Marion - Freelance illustrator

Japanese culture

A few illustrations inspired by Japanese culture

😺 manekineko

Manekineko, the cat who brings you good luck! 

White cats with black and ginger spots are the most popular maneki-nekoThis color is considered a powerful lucky charm.

Did you know that Manekineko don't always have only one paw up? Some have two or even the four paws up!⁠


Literally the "mirror cake", Kagamimochi is a food composed of two mochis and a bitter orange. ⁠ Kagamimochi are usually bought in December and displayed in the house before being broken and prepared on January 11 during the kagami biraki ceremony (opening of the mirror).⁠ I also saw a few of them as a offering at a Shinto temple in January.⁠

🌦️Teru teru bozu⁠

The teru teru bozu is a small Japanese talisman doll made from white paper or fabric that is supposed to have magical powers to bring good weather and to stop or prevent a rainy day. Hang it outside of your window by a string and sing the traditional nursery rhyme to ask him to chase the rain and make tomorrow sunny again. And if the doll fails, you can cut her head off…⁠


The Darumas are wish figurines, often in papier mache, modeled after Bodhidharma (an Indian religious who created the school of Zen Buddhism).⁠ They can be purchased in temples’ shops or touristic shops. When you buy a Daruma his pupils are empty.⁠ .⁠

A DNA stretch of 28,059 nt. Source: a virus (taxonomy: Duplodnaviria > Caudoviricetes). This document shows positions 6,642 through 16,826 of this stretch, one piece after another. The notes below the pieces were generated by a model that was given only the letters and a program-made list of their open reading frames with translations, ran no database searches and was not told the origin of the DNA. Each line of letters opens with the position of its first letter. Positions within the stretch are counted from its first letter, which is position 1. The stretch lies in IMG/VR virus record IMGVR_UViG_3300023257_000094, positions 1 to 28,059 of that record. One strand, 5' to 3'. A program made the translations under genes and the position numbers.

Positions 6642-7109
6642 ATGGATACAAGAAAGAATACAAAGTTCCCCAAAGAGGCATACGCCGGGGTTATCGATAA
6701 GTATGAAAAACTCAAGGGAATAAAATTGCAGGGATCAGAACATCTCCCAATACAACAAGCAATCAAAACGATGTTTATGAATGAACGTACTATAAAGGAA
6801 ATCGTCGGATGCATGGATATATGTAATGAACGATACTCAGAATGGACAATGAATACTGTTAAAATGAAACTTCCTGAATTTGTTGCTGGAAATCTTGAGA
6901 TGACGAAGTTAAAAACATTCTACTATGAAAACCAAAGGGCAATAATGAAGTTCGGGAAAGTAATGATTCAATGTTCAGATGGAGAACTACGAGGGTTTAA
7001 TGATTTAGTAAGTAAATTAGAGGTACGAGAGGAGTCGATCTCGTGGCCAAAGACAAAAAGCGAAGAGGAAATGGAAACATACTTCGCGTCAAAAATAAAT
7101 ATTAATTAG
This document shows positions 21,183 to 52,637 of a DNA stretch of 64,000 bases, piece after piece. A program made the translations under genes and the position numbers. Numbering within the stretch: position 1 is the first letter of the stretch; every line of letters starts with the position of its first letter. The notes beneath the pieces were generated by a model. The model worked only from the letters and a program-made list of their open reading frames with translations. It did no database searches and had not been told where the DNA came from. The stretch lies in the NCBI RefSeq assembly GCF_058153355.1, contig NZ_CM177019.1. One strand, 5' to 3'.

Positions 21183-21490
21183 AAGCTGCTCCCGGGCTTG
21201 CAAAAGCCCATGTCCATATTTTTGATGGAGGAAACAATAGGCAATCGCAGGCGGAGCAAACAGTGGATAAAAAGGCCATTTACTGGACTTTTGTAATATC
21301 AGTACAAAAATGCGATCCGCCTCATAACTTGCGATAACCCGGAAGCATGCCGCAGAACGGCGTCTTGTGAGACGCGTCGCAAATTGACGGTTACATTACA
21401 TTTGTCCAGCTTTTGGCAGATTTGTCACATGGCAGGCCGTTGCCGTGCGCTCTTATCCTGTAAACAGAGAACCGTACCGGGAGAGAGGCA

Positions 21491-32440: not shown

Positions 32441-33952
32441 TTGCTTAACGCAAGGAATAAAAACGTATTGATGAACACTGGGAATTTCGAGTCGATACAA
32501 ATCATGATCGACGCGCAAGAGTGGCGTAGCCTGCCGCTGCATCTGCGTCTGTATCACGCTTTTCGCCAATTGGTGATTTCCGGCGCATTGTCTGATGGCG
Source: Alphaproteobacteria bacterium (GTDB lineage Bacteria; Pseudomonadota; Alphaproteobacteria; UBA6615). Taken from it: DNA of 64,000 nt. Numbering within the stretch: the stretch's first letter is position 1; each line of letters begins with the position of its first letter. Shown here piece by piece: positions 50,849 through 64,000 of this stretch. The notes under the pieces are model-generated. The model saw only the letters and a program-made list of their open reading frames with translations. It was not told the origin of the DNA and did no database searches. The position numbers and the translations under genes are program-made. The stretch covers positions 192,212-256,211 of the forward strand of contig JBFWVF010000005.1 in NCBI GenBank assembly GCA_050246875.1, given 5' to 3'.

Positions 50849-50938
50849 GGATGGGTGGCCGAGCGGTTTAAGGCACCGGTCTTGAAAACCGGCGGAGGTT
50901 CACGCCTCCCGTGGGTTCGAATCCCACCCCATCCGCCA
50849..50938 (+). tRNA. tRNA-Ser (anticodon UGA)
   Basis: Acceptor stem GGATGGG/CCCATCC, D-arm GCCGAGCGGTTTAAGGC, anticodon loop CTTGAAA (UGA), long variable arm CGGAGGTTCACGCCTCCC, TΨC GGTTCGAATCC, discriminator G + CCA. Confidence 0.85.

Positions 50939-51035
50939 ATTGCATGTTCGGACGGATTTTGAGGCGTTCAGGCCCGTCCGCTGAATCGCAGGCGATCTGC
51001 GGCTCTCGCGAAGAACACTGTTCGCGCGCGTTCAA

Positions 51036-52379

How does it work?⁠
1. Draw a pupil on the left eye while thinking about your wish.⁠
2. Place the Daruma in evidence in the house.⁠
3. Do not simply wait for the wish to come true. The fact that the Daruma is easily visible forces you to think about your wish and act to make it come true.⁠
4. If the wish comes true, then draw the second pupil and write down how the wish was realized.⁠ ⁠

🎏 Koi nobori

These funny fish floating in the wind are are carp-shaped windsocks traditionally flown in Japan to celebrate Children's Day on May 5. This holiday was originally dedicated to little boys. ⁠ A Koi carp can fight its way up swift-running streams and cascades. Because of its strength and determination to overcome all obstacles, it stands for courage and the ability to attain high goals. Since these are traits desired in boys, families traditionally flew Koinobori from their homes to honor their sons.⁠ The largest fish, black, represented the father and the second traditionally represented the oldest son, then other fish were added if the family had several boys. Now the second fish often represents the mother and the following fish represent the children, boys and girls.⁠

🙏 O-Jizo-san⁠

You will often come across statues in Japan wearing a red cap or bib.⁠ ⁠
This is O-Jizo-san, the protector of children who passed away and unborn babies.⁠ In Buddhism, it is thought that the soul of children who died before their parents are not able to cross the river to the afterlife. They remain on the shore, and have to make small mounds of stones as a penance. But every night, evil spirits destroy the stone towers, and the children have to start again. ⁠
This is when O-Jizo-san appears to save them and hide them from the demons in the sleeves of his robe.⁠ Parents who have lost a child will often put a red bib on a Jizo statue to symbolically entrust the child to him, but it also makes mourning easier.⁠